Creating GIFs designed for the Google AdWords platform can be tricky, given the file-size constraint of 150Kb.

I looked for examples online and found this page: http://bannerspiration.com/gif

Not all of these meet the second constraint for AdWords (fps should be lower than 5), but the file size is good for all of them.

My outputs are full of artefacts and I have no idea what to do to increase the overall quality of the picture without using a higher file size.

Any tutorial, advice, suggestion, would be highly appreciated.

Below you can see one of my examples that worked well and one that has compression artifacts.

Many thanks!

GIF for AdWords, no artefacts

GIF for AdWords, compression artifacts

4 Answers 4


You can try this tool: https://ezgif.com/optimize It gives you multiple different GIF optimization methods.

For banners with large areas that are not changing from frame to frame, I think you will get the best results by first selecting "Optimize Transparency" (it will make most of the frames transparent, with only the changed pixels saved, thus reducing the amount of data needed for the GIF), and then you can run "Lossy GIF" optimization on the previous result. Play around with the fuzz and compression level values to get the best quality/file size ratio for your needs.


The best option is to optimize your GIFs on export within Photoshop.

I see no reason at all that your second example ought to have these artifacts...

I took the time to roughly recreate your second GIF:

Test GIF

The file size of your example is 49K. This means you should have still had room to increase the quality and be under your 150K limit.

Anyhow the one I made is the same dimensions, and has the same frame rate... yet it's only 46K (with no artifacts).

So I'm not even sure how this might have happened. How did you make your GIF anyhow?

My example was made in Photoshop at the highest possible GIF quality settings so... ?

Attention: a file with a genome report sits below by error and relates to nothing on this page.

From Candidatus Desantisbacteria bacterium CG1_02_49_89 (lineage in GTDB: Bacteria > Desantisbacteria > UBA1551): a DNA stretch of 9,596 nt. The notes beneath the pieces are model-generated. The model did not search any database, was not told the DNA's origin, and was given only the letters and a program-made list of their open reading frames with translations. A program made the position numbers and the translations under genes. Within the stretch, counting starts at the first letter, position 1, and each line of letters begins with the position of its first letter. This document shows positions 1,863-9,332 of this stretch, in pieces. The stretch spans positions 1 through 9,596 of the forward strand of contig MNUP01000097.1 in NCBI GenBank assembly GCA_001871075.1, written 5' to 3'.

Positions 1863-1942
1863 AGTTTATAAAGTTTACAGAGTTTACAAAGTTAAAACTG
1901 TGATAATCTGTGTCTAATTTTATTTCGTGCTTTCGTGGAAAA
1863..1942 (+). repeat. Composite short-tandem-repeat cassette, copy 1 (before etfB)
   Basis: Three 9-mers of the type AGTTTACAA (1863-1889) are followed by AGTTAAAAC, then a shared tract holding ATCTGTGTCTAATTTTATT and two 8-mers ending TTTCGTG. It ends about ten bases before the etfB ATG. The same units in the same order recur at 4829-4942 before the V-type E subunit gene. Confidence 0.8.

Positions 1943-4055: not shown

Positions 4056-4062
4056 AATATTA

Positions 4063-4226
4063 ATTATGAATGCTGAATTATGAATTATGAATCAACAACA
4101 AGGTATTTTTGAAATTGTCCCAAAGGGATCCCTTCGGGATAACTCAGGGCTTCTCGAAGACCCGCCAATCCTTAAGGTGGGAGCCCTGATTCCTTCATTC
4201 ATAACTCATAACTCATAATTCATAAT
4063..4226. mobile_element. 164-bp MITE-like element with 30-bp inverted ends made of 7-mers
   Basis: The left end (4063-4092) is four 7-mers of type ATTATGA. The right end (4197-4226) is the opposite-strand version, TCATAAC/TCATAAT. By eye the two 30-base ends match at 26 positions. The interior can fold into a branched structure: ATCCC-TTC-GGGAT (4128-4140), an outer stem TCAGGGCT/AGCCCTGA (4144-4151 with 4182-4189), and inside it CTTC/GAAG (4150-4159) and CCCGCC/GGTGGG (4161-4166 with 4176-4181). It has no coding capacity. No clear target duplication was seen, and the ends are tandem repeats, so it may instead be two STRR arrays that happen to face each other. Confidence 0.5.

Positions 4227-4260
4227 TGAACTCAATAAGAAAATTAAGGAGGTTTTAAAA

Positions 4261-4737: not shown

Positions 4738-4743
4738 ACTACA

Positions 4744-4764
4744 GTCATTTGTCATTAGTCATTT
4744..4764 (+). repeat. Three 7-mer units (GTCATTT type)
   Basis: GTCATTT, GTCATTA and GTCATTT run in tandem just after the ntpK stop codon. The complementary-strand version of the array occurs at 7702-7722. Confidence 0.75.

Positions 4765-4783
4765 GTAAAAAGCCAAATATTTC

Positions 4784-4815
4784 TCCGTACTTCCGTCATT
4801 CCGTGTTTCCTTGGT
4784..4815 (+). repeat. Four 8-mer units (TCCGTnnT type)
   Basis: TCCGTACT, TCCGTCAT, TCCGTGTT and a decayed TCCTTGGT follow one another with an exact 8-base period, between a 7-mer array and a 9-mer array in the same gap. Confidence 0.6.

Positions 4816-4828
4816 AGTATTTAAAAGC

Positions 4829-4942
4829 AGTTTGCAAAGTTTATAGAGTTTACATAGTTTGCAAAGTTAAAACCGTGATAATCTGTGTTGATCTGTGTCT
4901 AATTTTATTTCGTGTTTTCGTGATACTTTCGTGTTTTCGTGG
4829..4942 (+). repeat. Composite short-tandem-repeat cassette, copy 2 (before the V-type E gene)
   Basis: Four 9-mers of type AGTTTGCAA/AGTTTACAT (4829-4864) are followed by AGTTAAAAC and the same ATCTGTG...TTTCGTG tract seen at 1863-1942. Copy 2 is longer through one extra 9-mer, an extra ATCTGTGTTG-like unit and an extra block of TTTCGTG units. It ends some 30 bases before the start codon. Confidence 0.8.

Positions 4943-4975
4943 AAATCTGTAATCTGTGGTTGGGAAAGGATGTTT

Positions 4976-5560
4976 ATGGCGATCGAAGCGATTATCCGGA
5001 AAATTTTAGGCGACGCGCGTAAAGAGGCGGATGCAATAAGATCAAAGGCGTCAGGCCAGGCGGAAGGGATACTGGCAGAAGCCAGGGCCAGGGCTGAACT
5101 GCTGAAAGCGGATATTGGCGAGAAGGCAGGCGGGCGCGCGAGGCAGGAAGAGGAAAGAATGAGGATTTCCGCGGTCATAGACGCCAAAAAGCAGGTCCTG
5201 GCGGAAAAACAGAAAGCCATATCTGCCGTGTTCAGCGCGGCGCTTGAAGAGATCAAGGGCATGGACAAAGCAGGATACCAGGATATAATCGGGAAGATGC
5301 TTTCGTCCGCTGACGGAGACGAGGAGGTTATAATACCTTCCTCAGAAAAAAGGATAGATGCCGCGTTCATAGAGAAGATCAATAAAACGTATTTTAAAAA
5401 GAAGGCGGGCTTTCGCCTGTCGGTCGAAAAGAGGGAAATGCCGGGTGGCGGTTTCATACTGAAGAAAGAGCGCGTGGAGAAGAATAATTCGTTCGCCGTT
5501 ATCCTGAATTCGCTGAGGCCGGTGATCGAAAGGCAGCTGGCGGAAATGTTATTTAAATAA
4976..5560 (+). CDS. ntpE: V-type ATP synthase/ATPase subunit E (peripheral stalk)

• I created 20 different animations in After Effects, in order to have control over the different layouts independently and to animate in a way that was familiar to me, having never animated in Photoshop. I exported mov at first, which returned files with the artifacts above, once compressed in gif. I ended up rendering the assets I had already created in jpg sequences, to avoid losing the work done so far. I loaded two or three frames per gif in Photoshop and exported them as recommended in this guide: blog.hubspot.com/marketing/….
    – ale7780s
    Commented Jun 12, 2017 at 0:15

If you have Photoshop, then you can make a high definition GIF without it being huge.

Also, for the mobile ad, I would recommend making one where the different "slides" glide across.

  • Thanks for sharing your advice. What do you mean by "glide" across? If my understanding of what you say is correct, I have tried and decided to avoid making layers slide as the low fps really make the animation poor.
    – ale7780s
    Commented Jun 12, 2017 at 0:12
  • Ok. I see, I see how that'd lower the fps. Commented Jun 12, 2017 at 16:56

After many more experiments with PPC ads and GIFs, I can now recommend a different way to look at the problem.

  1. GIFs are not necessarily the best way to generate banners for PPC, and definitely not the best if one wants to cover the whole range of formats allowed by AdWords.

Instead, I would recommend using one of the many tools designed to create HTML responsive banners. The main reason why these banners are so convenient is that their size depends on the combined file-size of all elements included in the banner, and not on the number of frames, as elements are animated via the tool which generates code rather than frames.

  1. In order to generate artefact-free GIFs, the two main factors in play are duration and number of colours. This article targets UX/UI designers but rules apply to generating GIFs for any other purpose: 7 TIPS FOR DESIGNING AWESOME ANIMATED GIFS

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